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EU looks to save summer holidays but will leave the reopening of borders to each country

Tourism accounts for 12% of jobs across the EU.

A woman sits on an empty beach in Ayia Napa.
A woman sits on an empty beach in Ayia Napa.

THE EU HAS set out plans for a phased restart of travel this summer, hoping to save millions of tourism jobs threatened by the coronavirus pandemic across Europe, the world’s top holiday destination.

Travel restrictions to combat the virus have already had a devastating impact on the sector, with airlines around the continent forced to shed tens of thousands of jobs.

Tourism is vital to the EU as a whole, accounting for 10% of GDP and 12% of jobs.

It is especially important to southern countries already struggling with debt and the impact of COVID-19 — notably Greece, Italy and Spain.

“Today’s guidance can be the chance of a better season for the many Europeans whose livelihood depends on tourism and, of course, for those who would like to travel this summer,” the EU commission’s executive vice president Margrethe Vestager told reporters.

In a stark sign of the crisis facing the industry, the world’s biggest tourism group TUI said it planned to slash 8,000 jobs as it reported a net loss of over €750 million for the first three months of the year.

Phased approach

While decisions about reopening borders fall to national governments, Brussels is urging the 27 EU states to take a coordinated approach to lifting restrictions — after a haphazard start to the crisis in which capitals closed frontiers with little or no consultation.

The EU is proposing a three-stage approach, starting with the current situation in which most non-essential travel across borders is banned.

In the next phase, the EU wants border restrictions lifted between countries and regions at a similar stage of the pandemic, and where the health situation is improving.

In the final phase, all coronavirus-related border controls would be lifted and travel permitted throughout Europe once again.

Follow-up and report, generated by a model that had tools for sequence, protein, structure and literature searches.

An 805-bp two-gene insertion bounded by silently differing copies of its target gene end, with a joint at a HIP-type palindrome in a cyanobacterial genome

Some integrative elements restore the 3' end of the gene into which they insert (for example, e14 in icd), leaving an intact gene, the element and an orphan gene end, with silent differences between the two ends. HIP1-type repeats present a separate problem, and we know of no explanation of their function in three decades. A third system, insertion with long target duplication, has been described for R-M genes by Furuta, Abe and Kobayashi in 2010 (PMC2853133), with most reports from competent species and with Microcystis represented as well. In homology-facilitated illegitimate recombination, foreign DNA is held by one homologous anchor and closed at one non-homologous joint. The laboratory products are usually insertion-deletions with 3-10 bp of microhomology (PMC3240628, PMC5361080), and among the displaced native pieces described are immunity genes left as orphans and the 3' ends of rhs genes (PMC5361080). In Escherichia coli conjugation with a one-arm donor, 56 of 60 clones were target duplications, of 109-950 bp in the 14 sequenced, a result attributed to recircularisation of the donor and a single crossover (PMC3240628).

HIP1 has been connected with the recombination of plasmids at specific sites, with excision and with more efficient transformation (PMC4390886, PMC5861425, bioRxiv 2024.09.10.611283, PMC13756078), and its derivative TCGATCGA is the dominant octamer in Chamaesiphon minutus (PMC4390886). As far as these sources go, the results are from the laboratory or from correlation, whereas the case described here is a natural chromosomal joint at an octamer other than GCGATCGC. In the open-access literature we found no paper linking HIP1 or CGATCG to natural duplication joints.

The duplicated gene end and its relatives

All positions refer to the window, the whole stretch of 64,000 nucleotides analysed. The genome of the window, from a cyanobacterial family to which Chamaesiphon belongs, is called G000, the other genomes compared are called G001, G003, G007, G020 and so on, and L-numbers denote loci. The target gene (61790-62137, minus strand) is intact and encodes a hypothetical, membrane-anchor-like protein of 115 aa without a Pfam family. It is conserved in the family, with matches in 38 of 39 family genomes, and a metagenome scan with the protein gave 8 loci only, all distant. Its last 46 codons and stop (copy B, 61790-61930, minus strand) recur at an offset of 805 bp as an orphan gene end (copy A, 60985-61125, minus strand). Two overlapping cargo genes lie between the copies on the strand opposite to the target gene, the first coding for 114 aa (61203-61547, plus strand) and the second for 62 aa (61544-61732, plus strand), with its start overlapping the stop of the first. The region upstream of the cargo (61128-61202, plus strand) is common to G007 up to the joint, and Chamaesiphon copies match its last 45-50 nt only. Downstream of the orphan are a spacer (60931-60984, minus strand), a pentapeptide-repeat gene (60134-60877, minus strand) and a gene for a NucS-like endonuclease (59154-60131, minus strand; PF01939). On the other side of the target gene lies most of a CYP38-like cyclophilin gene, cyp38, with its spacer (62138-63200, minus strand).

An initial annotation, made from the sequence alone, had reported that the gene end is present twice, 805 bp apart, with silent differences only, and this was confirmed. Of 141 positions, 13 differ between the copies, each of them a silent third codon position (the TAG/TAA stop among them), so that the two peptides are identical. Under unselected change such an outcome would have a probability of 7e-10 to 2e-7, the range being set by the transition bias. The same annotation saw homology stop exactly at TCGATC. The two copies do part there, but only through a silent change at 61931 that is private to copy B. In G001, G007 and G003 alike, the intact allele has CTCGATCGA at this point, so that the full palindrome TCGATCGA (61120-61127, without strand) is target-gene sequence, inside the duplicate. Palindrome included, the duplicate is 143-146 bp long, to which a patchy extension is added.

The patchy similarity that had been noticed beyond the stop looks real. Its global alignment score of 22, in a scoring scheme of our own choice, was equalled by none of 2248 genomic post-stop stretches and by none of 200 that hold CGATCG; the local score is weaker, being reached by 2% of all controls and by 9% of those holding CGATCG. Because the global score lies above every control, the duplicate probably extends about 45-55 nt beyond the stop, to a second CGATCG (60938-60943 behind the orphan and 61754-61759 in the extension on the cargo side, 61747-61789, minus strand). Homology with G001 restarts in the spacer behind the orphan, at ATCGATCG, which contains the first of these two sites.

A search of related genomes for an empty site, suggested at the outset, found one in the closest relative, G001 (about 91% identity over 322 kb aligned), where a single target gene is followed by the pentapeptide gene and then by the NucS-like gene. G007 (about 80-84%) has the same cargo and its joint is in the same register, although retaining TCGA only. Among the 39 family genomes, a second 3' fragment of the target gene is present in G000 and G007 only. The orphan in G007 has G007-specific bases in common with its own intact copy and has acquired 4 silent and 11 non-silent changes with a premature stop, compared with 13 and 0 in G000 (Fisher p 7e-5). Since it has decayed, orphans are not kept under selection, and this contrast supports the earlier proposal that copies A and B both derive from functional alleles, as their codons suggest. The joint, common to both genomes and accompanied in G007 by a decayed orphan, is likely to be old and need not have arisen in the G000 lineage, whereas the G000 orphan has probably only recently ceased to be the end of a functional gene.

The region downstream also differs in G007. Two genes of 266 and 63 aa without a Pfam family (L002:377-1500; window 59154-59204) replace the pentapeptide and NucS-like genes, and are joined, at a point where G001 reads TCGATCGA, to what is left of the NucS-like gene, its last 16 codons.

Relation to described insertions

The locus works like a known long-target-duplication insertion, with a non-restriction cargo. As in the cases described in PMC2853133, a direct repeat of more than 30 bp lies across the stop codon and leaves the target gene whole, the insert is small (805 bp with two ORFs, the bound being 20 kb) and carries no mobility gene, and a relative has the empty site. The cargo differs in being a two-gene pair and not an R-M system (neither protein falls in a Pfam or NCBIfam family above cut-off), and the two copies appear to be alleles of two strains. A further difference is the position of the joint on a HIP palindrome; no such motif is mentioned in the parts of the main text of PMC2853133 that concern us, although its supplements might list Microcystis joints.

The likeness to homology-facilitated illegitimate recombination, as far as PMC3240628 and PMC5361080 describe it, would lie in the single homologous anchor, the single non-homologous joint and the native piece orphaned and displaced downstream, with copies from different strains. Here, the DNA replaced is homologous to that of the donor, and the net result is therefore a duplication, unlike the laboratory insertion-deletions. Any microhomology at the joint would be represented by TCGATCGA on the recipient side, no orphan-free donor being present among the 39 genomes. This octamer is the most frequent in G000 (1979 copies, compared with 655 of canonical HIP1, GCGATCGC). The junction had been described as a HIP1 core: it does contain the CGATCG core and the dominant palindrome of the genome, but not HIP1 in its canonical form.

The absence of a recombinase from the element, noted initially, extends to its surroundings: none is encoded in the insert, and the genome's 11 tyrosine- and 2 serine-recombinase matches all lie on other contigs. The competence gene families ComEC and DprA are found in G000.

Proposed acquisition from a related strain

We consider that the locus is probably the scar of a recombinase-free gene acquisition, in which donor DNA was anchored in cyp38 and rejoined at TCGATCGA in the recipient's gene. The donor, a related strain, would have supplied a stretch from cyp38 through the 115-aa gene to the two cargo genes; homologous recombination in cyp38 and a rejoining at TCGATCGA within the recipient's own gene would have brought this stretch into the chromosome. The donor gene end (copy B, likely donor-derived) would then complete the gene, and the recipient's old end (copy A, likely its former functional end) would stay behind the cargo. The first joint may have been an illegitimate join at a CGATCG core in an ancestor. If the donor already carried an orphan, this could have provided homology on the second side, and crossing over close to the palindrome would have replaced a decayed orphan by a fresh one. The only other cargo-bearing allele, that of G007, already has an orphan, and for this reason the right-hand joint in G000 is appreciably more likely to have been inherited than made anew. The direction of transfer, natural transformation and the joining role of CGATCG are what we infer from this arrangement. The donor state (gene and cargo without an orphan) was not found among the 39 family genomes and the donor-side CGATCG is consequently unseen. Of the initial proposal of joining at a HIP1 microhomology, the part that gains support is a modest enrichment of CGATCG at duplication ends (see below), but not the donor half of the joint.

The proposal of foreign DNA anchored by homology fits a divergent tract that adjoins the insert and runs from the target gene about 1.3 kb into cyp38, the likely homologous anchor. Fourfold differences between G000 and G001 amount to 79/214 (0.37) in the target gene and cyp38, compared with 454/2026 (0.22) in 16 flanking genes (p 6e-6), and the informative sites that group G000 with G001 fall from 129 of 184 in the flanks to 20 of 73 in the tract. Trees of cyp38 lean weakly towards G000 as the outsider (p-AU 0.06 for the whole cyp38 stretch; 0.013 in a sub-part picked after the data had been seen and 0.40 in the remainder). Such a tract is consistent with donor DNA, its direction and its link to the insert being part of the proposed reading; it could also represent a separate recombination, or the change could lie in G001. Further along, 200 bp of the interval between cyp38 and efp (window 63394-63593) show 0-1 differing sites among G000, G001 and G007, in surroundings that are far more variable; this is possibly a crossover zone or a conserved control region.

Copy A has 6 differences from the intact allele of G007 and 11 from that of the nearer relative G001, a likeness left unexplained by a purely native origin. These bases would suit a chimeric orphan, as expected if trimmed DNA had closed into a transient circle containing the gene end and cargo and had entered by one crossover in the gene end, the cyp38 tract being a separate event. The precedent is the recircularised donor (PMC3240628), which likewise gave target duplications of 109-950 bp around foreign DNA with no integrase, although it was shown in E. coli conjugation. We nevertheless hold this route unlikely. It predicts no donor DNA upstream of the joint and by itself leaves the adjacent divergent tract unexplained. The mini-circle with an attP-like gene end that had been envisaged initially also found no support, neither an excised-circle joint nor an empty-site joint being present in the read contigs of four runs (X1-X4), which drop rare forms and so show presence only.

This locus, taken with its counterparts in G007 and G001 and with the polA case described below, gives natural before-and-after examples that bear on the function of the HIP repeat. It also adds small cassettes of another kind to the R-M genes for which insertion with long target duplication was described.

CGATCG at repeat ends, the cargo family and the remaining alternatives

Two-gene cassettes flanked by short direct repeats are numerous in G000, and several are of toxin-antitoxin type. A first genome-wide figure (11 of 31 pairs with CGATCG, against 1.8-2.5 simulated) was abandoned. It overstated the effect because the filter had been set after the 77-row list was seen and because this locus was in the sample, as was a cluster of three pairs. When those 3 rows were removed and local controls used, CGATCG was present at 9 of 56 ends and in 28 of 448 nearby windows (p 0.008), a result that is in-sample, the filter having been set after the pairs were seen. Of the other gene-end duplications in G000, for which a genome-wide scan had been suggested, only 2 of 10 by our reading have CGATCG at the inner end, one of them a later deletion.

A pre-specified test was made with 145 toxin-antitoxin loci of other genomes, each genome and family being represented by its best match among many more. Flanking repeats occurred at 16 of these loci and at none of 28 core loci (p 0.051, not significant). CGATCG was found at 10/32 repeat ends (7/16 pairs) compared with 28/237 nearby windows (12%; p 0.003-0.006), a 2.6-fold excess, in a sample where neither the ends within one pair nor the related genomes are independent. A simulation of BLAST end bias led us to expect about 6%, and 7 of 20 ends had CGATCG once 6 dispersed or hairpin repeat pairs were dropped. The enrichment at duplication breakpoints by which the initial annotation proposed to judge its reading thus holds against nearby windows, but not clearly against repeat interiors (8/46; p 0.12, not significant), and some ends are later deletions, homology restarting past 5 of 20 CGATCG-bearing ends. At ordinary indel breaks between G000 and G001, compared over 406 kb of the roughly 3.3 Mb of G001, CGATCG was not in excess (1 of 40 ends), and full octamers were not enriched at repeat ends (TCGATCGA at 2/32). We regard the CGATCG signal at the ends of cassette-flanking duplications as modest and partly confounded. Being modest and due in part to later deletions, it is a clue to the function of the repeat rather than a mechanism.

Brussels is urging governments to consider economic and social factors as well as health as they weigh up reopening their borders.

Ireland’s Health Minister Simon Harris told TheJournal.ie last week that the advice for citizens remains that that they should not travel abroad.

If they do so they will be required to self-isolate for 14 days when the return, a requirement that could remain in place for this year

Face masks on board

Aside from the economic impact, the annual summer holiday is an important ritual cherished by millions of Europeans.

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“This is not going to be a normal summer… but when we all do our part we don’t have to face a summer stuck at home or completely lost for tourism industry,” Vestager said.

Holidays in the time of coronavirus look set to be rather different than before, with measures in place to minimise the risk of infection.

Travellers should wear face coverings while on shared transport such as planes, trains and buses — as well as at hubs such as airports and railway stations, under the EU recommendations.

Fewer passengers may be allowed on board to allow them to maintain safe distancing, and buffet trolleys and dining cars will be shuttered.

For its part, Ryanair has said that it plans to restore 40% of its flight schedule from 1 July.

Hotels and restaurants will be urged to limit guest numbers so they can respect social distancing rules.

In order to keep a close eye on the progress of the disease — and quickly identify any hotspots — EU countries have agreed to ensure contact-tracing phone apps work across borders.

© – AFP 2020 with reporting by Rónán Duffy

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